Sorry about getting the state wrong, I was thinking it was California due to a previous, unrelated post. I am only familiar with the details of California's ecosystem and cannot intelligently comment on New Jersey or most other areas.
In California, there are a fair number of mountain lions, but the bear issue is a human-caused one. California Grizzlies were native to California and were a top predator. Once hunted to extinction, they were then artificially replaced with the Black Bear, which does not hunt large game like deer. They are much smaller bears and have a completely different role in the ecosystem. So the fact that there are more is unsurprising, since they are effectively an invasive species. The mountain lions are currently taking on the role of hunting from both wolves and grizzlies, so it would make sense if there are more needed for deer control.
With rattlesnakes, I was referring to California alone, where the California Ground Squirrel is extremely overpopulated. In California, the rattlesnakes are one of the primary predators of ground squirrel young (they eat a lot of babies, relatively fewer adults). Though the total population of rattlesnakes is fine, often where human populations and wildlife meet, the rattlesnakes are locally underpopulated and there is an explosion of ground squirrels. While this is not a threat for rattlesnake extinction, there then exist extremely high densities of squirrels which are more likely to carry nasty diseases right next to where people live.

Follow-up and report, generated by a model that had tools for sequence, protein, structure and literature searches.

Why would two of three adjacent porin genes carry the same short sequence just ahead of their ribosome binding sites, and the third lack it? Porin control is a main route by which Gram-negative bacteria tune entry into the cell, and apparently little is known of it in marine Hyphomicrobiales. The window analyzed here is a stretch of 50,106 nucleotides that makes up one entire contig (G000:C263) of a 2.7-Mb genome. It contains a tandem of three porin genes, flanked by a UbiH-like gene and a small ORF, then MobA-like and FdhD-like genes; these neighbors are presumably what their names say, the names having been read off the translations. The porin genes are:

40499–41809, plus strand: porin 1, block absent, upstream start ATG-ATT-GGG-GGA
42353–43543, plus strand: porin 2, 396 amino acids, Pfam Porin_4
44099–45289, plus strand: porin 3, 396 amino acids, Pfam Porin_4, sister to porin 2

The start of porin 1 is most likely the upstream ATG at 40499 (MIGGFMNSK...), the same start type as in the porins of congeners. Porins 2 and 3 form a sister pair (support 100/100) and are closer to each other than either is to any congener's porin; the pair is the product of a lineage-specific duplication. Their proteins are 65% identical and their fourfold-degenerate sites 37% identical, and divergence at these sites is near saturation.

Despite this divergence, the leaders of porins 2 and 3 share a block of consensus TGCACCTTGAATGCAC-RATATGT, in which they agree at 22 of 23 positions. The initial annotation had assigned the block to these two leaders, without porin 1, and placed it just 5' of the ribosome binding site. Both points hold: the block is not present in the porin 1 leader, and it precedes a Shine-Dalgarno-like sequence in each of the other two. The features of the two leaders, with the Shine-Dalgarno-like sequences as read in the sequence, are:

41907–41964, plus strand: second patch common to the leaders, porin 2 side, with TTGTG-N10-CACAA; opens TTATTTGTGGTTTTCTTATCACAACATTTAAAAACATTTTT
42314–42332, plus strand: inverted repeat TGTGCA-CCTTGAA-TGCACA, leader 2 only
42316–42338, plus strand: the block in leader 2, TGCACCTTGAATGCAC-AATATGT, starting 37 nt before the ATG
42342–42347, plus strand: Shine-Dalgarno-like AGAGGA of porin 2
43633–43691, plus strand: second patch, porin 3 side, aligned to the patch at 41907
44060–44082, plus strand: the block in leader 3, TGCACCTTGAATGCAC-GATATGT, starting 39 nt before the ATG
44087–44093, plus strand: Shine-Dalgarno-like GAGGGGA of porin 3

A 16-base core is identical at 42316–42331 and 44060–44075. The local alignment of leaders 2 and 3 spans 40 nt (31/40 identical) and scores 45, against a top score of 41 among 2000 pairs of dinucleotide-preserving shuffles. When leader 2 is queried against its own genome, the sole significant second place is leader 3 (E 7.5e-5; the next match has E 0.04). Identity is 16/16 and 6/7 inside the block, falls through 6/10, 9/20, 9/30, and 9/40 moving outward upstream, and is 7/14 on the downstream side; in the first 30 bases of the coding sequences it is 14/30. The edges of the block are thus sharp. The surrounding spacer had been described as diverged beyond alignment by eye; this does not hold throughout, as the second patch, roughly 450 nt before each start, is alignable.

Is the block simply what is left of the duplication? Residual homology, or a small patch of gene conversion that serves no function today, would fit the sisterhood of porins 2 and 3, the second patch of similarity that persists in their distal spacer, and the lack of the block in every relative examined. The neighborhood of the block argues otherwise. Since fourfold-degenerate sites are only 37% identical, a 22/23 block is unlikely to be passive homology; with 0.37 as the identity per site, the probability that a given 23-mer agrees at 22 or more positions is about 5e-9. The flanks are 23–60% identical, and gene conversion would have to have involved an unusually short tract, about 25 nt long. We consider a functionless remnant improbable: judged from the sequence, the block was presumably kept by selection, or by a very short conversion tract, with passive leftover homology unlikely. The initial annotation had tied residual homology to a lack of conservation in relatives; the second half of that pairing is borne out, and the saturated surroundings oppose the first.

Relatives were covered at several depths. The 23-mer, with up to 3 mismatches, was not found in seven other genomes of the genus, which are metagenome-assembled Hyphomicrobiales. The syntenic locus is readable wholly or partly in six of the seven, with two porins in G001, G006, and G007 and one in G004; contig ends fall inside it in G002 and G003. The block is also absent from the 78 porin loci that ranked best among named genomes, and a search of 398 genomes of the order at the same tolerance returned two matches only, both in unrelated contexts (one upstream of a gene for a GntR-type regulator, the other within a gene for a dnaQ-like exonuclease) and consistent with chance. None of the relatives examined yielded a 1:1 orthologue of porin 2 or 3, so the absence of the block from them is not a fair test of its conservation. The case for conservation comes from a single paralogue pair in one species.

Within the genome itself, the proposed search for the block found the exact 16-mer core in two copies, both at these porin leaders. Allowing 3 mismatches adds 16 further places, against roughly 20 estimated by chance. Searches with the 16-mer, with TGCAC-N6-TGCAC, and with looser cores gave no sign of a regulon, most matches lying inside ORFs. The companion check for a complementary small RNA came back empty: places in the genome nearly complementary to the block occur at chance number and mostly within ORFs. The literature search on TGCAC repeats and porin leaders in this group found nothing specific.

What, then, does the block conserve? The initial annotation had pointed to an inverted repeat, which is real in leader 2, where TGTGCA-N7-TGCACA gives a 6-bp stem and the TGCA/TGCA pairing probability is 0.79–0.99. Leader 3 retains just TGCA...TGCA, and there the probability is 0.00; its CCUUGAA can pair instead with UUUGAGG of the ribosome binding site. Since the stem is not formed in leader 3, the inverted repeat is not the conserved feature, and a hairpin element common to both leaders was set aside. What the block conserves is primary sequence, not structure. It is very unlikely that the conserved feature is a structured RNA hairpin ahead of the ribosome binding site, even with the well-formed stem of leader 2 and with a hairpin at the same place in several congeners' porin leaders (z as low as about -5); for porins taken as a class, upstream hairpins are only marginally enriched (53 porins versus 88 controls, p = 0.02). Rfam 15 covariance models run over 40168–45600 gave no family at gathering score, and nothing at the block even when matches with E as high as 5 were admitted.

Regarding livestock, I feel there is a difference between actively protecting a herd and using guard dogs and shepherds and just simply slaughtering any predators (and deer/bison/etc. that carry diseases and compete for resources) that cross over onto your property. Many grazing animals today are not well herded due to myriad factors, and overall I feel that is irresponsible. One outlandish solution is getting rid of all the non-dairy cattle and their feed crops in places where bison were native, and instead let the bison deal with the predators on their own and we simply sustainably hunt the bison.